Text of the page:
will ultimately not be found for many patients with syncope. A subset of these patients may have occult cardiac syncope.

When evaluating the syncope patient, emergency clinicians should keep in mind three questions:

● Is this true syncope or does some other serious condition account for the patient's loss of consciousness (eg, stroke, seizure, head injury)?

● If this is true syncope, is there a clear life-threatening cause?

● If this is true syncope and the cause is not clear, is the patient at high risk?

Life-threatening causes of syncope include: hemorrhage (eg, gastrointestinal, subarachnoid), pulmonary embolism, and cardiac syncope from arrhythmia or
acute coronary syndrome.

Patients with syncope from major hemorrhage usually have a low hematocrit. This may not be the case if bleeding is severe and acute, in which case the
hematocrit can be misleading. Gastrointestinal bleeding is the most common cause, and often the rectal exam or a stool guaiac test will be positive for blood.
The emergency clinician must consider other sources of hemorrhage, including: ruptured aortic aneurysm, ruptured ectopic pregnancy, ruptured ovarian cyst,
and ruptured spleen. Appropriate diagnostic testing should be performed. Obtain a pregnancy test in all women of child-bearing age. Bedside ultrasound can be
invaluable in determining the presence of abdominal aortic aneurysm, ectopic pregnancy, and intraabdominal blood. (See "Approach to acute lower
gastrointestinal bleeding in adults" and "Approach to acute upper gastrointestinal bleeding in adults" and "Ectopic pregnancy: Clinical manifestations and
diagnosis" and "Ultrasonography of pregnancy of unknown location" and "Evaluation and management of ruptured ovarian cyst".)

Pulmonary embolism (PE) is an uncommon but potentially dangerous cause of syncope. Patients with pulmonary embolism often present with dyspnea and
chest pain, and may be hypoxic. An electrocardiogram (ECG) with evidence of right heart strain is suggestive. Most often the diagnosis is made by helical CT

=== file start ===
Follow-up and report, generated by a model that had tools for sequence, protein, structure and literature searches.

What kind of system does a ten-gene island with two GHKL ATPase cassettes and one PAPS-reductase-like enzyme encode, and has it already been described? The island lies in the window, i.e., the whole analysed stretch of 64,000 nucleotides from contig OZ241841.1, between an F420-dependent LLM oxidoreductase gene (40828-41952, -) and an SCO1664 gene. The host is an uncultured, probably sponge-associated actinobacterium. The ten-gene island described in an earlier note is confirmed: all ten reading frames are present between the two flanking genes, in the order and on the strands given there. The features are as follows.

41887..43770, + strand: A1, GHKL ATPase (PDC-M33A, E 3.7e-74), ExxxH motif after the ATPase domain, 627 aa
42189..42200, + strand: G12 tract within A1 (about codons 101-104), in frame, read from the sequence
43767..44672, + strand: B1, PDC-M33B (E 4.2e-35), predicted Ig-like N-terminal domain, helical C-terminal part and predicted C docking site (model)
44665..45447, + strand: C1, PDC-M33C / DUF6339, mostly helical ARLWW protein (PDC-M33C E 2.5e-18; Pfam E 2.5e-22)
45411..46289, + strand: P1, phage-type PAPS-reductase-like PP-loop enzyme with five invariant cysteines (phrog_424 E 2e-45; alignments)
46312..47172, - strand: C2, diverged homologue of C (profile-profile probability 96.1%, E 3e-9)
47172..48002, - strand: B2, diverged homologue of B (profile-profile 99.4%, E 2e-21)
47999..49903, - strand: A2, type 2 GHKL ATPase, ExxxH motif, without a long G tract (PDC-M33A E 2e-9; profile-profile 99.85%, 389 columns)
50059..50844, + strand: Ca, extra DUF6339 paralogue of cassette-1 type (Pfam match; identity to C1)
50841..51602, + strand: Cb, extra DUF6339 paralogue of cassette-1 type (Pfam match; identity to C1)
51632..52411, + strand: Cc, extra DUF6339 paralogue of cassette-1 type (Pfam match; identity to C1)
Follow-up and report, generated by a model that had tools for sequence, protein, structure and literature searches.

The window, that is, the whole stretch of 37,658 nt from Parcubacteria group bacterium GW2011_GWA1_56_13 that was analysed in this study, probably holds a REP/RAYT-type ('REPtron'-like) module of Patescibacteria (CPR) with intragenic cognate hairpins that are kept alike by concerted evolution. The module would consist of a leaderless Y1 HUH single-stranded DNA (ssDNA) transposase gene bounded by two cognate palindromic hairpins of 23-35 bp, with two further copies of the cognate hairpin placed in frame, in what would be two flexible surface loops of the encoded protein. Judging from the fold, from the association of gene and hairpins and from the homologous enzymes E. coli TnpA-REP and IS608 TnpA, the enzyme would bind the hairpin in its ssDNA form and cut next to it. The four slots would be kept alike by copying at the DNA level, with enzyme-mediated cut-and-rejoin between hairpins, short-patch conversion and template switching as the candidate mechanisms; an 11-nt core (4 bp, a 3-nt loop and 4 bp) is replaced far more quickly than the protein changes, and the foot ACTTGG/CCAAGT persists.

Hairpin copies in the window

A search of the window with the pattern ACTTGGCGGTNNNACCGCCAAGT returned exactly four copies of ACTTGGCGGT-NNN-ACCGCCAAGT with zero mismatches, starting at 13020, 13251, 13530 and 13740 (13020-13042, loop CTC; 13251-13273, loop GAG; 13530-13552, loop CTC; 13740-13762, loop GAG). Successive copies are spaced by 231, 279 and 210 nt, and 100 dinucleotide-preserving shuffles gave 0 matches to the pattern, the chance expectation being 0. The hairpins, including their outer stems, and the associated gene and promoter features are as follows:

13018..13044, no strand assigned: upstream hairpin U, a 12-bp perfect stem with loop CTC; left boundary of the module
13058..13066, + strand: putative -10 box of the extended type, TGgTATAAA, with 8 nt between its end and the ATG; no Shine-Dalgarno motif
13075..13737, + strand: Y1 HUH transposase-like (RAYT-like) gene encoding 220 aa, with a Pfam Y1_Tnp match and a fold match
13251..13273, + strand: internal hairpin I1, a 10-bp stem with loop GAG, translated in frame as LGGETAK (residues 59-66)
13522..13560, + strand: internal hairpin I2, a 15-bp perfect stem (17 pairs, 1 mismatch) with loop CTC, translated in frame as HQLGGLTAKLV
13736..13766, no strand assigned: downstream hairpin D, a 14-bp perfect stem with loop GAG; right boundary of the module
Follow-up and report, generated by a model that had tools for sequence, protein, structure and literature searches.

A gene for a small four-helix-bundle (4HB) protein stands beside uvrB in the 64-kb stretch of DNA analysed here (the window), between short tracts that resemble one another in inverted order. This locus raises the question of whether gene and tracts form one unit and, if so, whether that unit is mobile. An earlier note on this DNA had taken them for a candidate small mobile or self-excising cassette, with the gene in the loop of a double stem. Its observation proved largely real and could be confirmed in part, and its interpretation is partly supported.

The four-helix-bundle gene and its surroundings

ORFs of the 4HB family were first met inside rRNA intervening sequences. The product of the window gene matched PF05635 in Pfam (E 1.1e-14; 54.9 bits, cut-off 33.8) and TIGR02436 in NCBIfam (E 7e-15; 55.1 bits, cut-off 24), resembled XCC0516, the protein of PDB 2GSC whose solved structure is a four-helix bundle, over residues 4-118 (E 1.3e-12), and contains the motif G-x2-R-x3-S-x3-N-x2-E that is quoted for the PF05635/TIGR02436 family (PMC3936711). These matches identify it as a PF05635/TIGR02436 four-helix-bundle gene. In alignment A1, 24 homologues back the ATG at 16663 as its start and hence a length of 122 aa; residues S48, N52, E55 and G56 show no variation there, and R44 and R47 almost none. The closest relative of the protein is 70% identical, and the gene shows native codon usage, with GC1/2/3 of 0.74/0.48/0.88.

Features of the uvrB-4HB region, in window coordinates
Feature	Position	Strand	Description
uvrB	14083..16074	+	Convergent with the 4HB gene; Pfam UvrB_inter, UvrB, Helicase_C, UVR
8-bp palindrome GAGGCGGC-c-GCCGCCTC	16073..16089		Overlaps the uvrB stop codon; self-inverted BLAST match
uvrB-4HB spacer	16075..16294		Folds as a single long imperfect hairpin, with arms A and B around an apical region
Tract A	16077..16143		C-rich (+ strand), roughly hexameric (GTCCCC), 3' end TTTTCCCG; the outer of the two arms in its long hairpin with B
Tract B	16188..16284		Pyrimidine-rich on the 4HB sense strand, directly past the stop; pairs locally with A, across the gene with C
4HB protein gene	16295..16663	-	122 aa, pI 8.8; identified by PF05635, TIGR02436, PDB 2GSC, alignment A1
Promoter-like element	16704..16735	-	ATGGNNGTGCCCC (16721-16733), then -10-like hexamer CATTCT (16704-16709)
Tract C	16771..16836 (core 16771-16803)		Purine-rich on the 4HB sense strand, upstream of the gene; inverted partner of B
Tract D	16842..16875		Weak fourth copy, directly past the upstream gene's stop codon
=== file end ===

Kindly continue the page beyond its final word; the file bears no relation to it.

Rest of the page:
scan. When suspecting PE, clinicians should perform a work-up based on the patient's baseline risk. Evaluation and management of pulmonary embolus are
discussed separately. Patients whose presenting symptom of pulmonary embolism is syncope are not at increased risk of death compared with other patients
with pulmonary embolism [53,54]. (See "Clinical presentation, evaluation, and diagnosis of the nonpregnant adult with suspected acute pulmonary embolism"
and "Overview of acute pulmonary embolism in adults".)

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Syncope associated with a significant headache suggests possible subarachnoid hemorrhage, and evaluation with head CT and lumbar puncture may be
necessary. Should historical features or examination findings suggest transient ischemic attack or stroke, clinicians should obtain a CT with angiography or MRI,
and neurologic consultation. Suspected seizure should be evaluated with neuroimaging (head CT or MRI) and electroencephalogram (EEG), as an in-patient or
out-patient. A less extensive evaluation may be appropriate for patients with an established seizure diagnosis and no concerning features in their presentation.
(See "Clinical manifestations and diagnosis of aneurysmal subarachnoid hemorrhage" and "Initial assessment and management of acute stroke".)